The Art of the Renaissance in Northern Europe: Its Relation to the Contemporary Spiritual and Intellectual Movements

The Art of the Renaissance in Northern Europe: Its Relation to the Contemporary Spiritual and Intellectual Movements

The Art of the Renaissance in Northern Europe: Its Relation to the Contemporary Spiritual and Intellectual Movements

The Art of the Renaissance in Northern Europe: Its Relation to the Contemporary Spiritual and Intellectual Movements

Excerpt

Great works of art of the past are to us inexhaustible sources of enjoyment and elevation. Therefore, we are too readily inclined to consider them as creations of a timeless realm of absolute beauty, disconnected from the worries and troubles, from the torment and aspirations of a struggling human world. If we consider the foremost works of the artists of our era, we realize how much the deep split of our time, its anxieties and catastrophes are not only mirrored but even foreshadowed in the representational arts of the late nineteenth and twentieth centuries. It was not different in other centuries. Art has always been a function of human life, perhaps the most comprehensive and universal besides theoretical thinking. Therefore, it is a key to the understanding of the totality of life. On the other hand, the knowledge of the leading spiritual and intellectual movements of an era will help us to approach its artistic creations and illuminate the meaning of phenomena which appear strange and obscure because of remoteness of time. This applies especially to eras which were filled with great revolutions of the mind, with cataclysms and the rise of new worlds both in a literal and in a metaphorical sense, of eras which were as pregnant with new constructive and destructive forces as our own time. Such an era was the sixteenth century. Its splits and cleavages, its creative and conflicting trends, were not inferior to those of the twentieth century. The predominance of the fine arts in the imposing movement of the renascence in Italy lends to that particular chapter a unified aspect which is missing in Northern Europe. Nowhere did the artistic ideas stand so much in the foreground as in Italy. The picture which art offers in Germany and in the Netherlands, in France and England during that era, is a much more problematic and complex one. It demands a different method of approach. If our analysis should discuss only form and color, it would elude our efforts.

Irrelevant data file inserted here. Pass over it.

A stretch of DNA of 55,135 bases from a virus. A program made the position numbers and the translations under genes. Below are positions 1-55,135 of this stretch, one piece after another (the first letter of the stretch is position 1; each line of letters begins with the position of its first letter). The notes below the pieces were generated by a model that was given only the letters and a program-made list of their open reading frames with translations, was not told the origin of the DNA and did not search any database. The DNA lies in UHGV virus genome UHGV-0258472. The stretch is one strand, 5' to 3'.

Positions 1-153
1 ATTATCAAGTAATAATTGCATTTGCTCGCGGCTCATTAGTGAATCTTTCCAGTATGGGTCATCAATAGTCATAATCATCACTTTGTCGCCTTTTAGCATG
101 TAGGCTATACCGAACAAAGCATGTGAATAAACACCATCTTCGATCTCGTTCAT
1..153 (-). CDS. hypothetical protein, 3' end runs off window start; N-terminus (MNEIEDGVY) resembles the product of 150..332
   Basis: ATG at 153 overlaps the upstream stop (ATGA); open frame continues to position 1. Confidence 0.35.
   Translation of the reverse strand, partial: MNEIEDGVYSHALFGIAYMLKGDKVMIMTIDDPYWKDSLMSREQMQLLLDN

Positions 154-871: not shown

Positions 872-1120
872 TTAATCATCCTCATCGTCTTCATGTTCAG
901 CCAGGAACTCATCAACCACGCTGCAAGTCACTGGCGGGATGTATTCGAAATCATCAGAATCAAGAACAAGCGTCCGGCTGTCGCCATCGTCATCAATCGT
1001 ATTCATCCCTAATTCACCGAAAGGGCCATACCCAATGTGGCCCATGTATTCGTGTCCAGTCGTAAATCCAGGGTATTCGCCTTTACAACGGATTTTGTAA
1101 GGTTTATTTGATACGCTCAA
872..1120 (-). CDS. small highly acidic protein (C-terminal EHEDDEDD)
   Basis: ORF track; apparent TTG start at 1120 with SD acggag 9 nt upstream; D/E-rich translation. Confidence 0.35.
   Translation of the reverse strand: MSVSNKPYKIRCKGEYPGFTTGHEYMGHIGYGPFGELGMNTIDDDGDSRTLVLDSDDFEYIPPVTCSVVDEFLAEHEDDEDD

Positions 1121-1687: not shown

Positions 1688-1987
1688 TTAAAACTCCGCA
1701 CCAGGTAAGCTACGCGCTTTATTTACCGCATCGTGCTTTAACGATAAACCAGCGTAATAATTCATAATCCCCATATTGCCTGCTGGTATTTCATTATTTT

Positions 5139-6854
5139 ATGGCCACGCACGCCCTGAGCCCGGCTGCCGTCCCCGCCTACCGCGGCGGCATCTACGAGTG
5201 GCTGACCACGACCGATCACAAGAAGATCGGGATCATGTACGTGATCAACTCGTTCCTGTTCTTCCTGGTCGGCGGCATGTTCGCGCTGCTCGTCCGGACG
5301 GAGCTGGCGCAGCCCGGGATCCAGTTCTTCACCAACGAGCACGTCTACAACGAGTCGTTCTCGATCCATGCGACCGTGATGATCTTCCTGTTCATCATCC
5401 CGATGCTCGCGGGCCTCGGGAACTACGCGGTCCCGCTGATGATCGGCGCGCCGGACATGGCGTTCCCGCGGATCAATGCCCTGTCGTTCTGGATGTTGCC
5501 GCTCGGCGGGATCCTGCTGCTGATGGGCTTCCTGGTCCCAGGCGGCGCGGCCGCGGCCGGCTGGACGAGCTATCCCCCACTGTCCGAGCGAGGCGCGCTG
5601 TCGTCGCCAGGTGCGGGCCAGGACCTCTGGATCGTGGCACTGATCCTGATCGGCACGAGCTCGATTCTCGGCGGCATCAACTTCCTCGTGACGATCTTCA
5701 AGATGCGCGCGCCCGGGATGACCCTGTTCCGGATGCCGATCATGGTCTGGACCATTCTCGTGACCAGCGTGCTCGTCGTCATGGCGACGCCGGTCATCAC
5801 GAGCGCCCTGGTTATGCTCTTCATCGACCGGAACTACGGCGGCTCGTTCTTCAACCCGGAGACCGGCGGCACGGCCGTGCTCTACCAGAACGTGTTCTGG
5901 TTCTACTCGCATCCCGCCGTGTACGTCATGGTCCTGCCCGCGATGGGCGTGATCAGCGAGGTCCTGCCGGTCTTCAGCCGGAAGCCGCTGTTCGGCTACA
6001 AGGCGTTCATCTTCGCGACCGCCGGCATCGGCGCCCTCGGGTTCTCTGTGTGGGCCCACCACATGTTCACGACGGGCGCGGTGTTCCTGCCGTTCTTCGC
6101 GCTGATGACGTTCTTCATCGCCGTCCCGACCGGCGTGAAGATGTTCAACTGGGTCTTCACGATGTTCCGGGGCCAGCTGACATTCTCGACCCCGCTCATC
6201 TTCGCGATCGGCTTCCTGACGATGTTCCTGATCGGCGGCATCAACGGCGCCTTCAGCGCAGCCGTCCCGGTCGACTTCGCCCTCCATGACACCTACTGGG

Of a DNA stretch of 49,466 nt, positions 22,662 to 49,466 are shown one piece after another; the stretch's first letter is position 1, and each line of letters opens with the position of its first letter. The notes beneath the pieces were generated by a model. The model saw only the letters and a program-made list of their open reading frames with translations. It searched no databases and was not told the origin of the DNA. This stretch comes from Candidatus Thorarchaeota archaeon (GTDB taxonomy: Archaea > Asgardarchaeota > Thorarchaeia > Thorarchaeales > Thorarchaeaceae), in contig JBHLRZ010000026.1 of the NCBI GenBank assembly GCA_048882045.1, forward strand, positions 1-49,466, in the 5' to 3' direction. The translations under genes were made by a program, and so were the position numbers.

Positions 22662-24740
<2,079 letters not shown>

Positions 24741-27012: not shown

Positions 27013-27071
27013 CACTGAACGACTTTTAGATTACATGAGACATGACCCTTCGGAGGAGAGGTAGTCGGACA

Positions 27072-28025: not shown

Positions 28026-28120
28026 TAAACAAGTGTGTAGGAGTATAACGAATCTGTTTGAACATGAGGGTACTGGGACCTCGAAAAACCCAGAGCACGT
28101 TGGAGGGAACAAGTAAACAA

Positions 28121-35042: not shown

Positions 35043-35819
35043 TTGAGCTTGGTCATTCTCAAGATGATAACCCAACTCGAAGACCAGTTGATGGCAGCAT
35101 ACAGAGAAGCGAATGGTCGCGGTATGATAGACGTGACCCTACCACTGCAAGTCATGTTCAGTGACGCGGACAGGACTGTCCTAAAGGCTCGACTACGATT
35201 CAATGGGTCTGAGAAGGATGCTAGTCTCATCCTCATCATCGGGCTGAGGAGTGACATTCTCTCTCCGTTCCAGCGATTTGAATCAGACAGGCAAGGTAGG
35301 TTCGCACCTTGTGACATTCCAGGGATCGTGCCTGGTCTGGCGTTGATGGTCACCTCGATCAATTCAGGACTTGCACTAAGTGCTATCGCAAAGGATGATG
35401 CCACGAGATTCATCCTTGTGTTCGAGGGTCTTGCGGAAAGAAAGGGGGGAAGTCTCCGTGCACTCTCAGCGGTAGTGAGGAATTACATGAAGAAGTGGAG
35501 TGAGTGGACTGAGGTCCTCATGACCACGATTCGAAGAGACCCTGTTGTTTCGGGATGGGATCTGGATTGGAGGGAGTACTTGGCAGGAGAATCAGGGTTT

Such is the general problem and the task of these investigations. They do not attempt to give a panorama of all the overwhelming . . .

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